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i blame the purple line

If we'd only kept the tunnel!

I *think* that tree on the Georgetown Branch Trail has been down since last month. If it's the same tree it must have fallen a little further than when I saw it (you could still ride under it back then but it looked like it was about to topple the rest of the way over). If it is the same tree, then wow that was unsafe to leave it leaning over the trail for so long.

I could definitely be wrong though since I haven't ridden that part of the trail in a month.

I was caught in the storm, and it was a doozy. The trees on the "main" part of the CCT have been cleared, but there are still barriers on the GT branch. Check for poison ivy!

A few things caused concern
1. Why does the new route through downtown Bethesda prevent people from crossing at the light? I had to detour around and wait for several minutes being pelted with hail and buckets of rain, trying to seek shelter and get away from lightning. Its not only inconvenient, but I question its safety. Its tight space when there are many people, and the signage is not entirely clear.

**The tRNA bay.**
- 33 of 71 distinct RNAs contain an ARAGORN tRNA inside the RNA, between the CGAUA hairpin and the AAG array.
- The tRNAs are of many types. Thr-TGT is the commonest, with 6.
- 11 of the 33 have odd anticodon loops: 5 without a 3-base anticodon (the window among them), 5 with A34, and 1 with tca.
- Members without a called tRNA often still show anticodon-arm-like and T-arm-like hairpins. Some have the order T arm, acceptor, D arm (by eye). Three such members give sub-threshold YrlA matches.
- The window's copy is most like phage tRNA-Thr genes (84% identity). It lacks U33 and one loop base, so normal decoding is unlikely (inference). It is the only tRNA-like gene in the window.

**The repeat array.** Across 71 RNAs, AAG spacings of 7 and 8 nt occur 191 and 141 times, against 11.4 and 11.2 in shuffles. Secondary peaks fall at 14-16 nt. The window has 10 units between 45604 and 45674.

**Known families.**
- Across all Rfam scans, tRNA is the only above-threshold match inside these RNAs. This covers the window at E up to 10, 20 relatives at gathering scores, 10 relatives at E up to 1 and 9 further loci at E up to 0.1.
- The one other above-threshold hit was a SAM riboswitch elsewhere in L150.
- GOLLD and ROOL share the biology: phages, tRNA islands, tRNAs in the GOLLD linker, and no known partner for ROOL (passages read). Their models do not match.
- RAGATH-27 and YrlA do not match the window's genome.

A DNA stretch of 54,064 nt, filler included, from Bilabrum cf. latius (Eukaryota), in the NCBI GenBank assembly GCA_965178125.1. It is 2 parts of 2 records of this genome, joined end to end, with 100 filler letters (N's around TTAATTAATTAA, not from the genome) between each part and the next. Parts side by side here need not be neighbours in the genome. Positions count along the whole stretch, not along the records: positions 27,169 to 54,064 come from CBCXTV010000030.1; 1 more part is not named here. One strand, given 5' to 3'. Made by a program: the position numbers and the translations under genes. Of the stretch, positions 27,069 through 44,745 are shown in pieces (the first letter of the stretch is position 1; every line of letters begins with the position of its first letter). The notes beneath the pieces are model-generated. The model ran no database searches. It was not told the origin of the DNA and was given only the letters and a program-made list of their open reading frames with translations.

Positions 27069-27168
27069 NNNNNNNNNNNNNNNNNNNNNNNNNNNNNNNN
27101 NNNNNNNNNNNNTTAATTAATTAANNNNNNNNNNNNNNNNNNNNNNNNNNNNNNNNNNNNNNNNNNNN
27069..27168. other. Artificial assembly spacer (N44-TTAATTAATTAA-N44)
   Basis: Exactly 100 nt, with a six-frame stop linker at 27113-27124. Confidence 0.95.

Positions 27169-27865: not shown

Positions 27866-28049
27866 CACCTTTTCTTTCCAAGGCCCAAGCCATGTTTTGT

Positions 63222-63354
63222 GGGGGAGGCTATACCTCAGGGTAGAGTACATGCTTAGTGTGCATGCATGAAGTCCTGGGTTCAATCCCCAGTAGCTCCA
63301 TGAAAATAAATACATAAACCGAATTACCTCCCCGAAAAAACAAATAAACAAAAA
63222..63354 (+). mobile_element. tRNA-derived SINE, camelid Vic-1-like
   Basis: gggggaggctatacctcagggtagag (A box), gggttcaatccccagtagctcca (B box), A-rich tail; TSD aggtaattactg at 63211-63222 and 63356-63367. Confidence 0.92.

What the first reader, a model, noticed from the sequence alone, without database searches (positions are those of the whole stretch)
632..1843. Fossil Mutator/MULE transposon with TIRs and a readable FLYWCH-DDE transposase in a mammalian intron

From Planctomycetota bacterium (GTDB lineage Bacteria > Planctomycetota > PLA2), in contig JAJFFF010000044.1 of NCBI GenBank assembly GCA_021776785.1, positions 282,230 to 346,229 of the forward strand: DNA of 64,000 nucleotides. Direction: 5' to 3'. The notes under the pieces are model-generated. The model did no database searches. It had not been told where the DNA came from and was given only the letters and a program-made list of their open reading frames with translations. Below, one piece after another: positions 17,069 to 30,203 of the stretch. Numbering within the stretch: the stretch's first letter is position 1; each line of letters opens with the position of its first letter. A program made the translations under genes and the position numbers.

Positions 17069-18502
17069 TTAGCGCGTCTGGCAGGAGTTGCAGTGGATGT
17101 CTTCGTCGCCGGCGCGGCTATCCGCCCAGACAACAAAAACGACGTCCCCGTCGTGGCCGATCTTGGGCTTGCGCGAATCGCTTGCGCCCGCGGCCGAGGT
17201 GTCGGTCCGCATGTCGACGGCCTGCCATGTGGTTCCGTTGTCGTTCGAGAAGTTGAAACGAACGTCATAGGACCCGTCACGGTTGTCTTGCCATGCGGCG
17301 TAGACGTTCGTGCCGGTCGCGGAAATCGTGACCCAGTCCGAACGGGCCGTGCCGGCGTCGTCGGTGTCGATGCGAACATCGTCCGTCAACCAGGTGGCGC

2 It was also clear how much the CCT is used as run off from the surrounding area. Particularly
(a). The Lyttonsville Bridge appears to drain directly onto the CCT. The entire area was a stream about a foot deep. I doubt that this is code.
(b) The business at the SS far end of the trail regularly drain onto the trail. Hoses, gutter run off, etc, causing serious erosion. This has been going on for years, but I think its time that someone spoke to them about it.


SJE, I agree that somebody needs to regulate how Counter Intelligence Corp dumps water into that ditch and periodically floods the trail. I wonder if that water is even safe, since it probably contains particulates from their stone cutting and polishing operation. Independent of that, once or twice per year (such as last Friday evening), that ditch by the trail overflows from downpours, and the trail gets those big ruts like it has today.

Beaker: there is also water from the landscaping people on the other side of the trail. They use hoses to keep mulch wet.

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